To make such a tinwork “retablo”, a tinsmith or “Hojatalero” would first secure a supply of salvaged scrap tin cans which would then be cut, shaped, fashioned, stamped and soldered into the desired shape, size and form of the tin frame. The tinsmith would then set the frame with the desired paper religious print, paper holy card or cards or fancy colored chromolithograph. These were often obtained directly from local Catholic priests often handed out at the Church itself by the Priest after mass. In addition to tin retablos, other forms of New Mexico tinwork commonly made during this time period were wall sconces, candlesticks, wall nichos, candelabra and processional pieces as well as various small tin attributes, such as crowns made for accenting carved wooden bultos and santos.

As was most likely in the case of this particular retablo, many historic New Mexico tinwork retablos were made to a specific order and purpose for a particular individual, private family or small religious organization such as a Penitente Morada or local village chapel. Historic New Mexico tinwork was made in several ways, by itinerant individual artists going from town to town in their traveling workshop wagons, selling already made items while also taking orders and making pieces on site. More often, tinworks were made by various small commercial tin workshops with several artists working together at various places around New Mexico. This particular tinwork’s characteristics identify it as likely being a product of The Rio Arriba tin workshop. Rio Arriba is a large county in northern New Mexico extending north from Santa Fe to the ancient medieval high mountain villages of the rugged Sangre de Cristo Mountains and onward to the Colorado border. It is hard to imagine or overstate the extreme isolation and remoteness of this area in the 1890’s.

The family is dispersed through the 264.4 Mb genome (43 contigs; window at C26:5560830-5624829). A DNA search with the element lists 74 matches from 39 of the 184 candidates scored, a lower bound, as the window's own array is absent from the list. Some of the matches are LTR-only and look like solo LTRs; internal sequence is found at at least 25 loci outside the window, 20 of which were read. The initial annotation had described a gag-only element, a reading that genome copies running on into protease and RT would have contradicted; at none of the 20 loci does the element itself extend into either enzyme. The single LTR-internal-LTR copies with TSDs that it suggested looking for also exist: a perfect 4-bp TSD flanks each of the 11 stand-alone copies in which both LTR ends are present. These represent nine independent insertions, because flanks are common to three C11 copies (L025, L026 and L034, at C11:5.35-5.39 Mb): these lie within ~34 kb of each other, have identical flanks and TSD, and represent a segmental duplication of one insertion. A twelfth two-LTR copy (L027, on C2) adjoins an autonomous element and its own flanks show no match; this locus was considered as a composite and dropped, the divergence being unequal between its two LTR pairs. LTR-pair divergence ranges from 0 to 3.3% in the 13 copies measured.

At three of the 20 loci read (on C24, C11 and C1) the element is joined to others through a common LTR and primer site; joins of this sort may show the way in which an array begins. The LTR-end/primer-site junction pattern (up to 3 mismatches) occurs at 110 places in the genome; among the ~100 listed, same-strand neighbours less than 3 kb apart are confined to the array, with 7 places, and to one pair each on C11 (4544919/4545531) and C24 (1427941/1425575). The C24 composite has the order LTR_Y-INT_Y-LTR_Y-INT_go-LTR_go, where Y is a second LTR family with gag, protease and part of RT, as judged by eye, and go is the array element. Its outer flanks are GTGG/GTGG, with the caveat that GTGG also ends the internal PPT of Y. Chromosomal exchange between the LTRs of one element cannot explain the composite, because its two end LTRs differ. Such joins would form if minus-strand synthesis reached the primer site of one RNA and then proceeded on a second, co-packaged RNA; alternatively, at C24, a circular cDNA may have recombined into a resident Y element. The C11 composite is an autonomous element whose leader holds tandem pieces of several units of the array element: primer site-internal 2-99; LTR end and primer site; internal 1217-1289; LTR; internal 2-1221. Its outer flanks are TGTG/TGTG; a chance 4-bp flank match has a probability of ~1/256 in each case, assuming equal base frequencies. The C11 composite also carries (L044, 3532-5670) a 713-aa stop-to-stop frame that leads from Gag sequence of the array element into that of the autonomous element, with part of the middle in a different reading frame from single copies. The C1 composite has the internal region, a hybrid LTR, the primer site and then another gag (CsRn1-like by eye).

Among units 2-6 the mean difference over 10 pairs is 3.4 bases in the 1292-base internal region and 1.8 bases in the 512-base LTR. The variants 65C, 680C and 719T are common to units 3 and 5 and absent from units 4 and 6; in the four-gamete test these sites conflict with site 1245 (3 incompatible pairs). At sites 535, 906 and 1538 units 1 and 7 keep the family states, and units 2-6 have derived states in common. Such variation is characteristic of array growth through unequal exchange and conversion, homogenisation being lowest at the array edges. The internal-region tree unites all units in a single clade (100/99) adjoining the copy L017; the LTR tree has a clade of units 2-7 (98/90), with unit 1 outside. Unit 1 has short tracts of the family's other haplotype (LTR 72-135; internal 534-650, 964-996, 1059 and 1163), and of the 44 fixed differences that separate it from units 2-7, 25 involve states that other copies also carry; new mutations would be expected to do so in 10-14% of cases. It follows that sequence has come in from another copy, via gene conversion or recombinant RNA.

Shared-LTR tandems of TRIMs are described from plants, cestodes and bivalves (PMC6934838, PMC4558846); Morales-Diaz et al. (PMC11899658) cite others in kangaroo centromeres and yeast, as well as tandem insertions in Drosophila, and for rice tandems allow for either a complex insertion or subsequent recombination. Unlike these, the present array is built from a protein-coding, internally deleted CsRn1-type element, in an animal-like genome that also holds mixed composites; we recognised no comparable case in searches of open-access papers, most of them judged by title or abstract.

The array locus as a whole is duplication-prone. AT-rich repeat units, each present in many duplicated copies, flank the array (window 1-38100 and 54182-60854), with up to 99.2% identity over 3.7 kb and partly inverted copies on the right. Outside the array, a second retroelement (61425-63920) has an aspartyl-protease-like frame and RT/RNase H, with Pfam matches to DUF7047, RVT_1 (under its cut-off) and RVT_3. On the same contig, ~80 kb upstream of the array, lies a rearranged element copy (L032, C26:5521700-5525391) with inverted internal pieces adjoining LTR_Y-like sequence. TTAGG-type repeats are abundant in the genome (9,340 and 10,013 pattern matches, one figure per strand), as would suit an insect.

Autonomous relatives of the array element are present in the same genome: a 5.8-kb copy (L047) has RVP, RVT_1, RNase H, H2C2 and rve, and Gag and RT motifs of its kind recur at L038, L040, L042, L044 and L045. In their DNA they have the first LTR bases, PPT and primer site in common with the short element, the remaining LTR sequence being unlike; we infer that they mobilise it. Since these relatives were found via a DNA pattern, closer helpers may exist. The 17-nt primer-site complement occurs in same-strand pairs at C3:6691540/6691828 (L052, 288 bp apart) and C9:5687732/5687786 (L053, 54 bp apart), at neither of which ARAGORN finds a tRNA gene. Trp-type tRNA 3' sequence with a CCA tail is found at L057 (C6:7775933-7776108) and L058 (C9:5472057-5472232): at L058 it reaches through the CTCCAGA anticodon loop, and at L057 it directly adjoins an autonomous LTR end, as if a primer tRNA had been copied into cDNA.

There are numerous certain telltale characteristics of the work itself which help us identify it in this manner:, notably its overall shape, design layout and general appearance and the particular types of stamp worked designs on it. The subject of the retablo, the Apostle St. Andrew or San Andreas is worth a few words, Andreas was the brother of the Apostle, Peter and one of the fisherman on the Sea of Galilee who Jesus recruited to "fish" for souls to join the Christian faith. He is an important figure in the church and thus many families or individuals might have adopted him as their patron saint and might have wanted to have their local tinsmith make a devotional retablo of him for them to worship in their home.


Some elements of the stamp work designs on the retablo, notably the row of stamped dots around the religious print and around the perimeter of the tin itself are reminiscent of some of the work of one of New Mexico’s finest historic tinwork artists, Higinio Valentin Gonzales (1842-1921) and this piece could be an early work by him or one of his followers or apprentices. To view our website listing of another H.V. Gonzales retablo pictured below, please click here.


The tinwork measures 9” in height and is 9 3/4” in width. It is in very good original condition which is fairly unusual considering the relative complexity and delicacy of its design, its 130 or so years of age and the remote rugged frontier region in which it was born and spent much of its life. This retablo is a beautiful, rare and refined historic artwork almost miraculously created from the humblest of salvaged scrap materials by an inspired and talented anonymous New Mexico folk artist, a piece which perfectly reflects the time, place, faith and unique geographic and historic circumstances of its creation, but which also projects a completely timeless and lasting universal artistic beauty, humanity and devotional spirit.


It is a physical embodiment of the centuries old place where we live, “Santa Fe” which literally means “Holy Faith.”



Price $1,550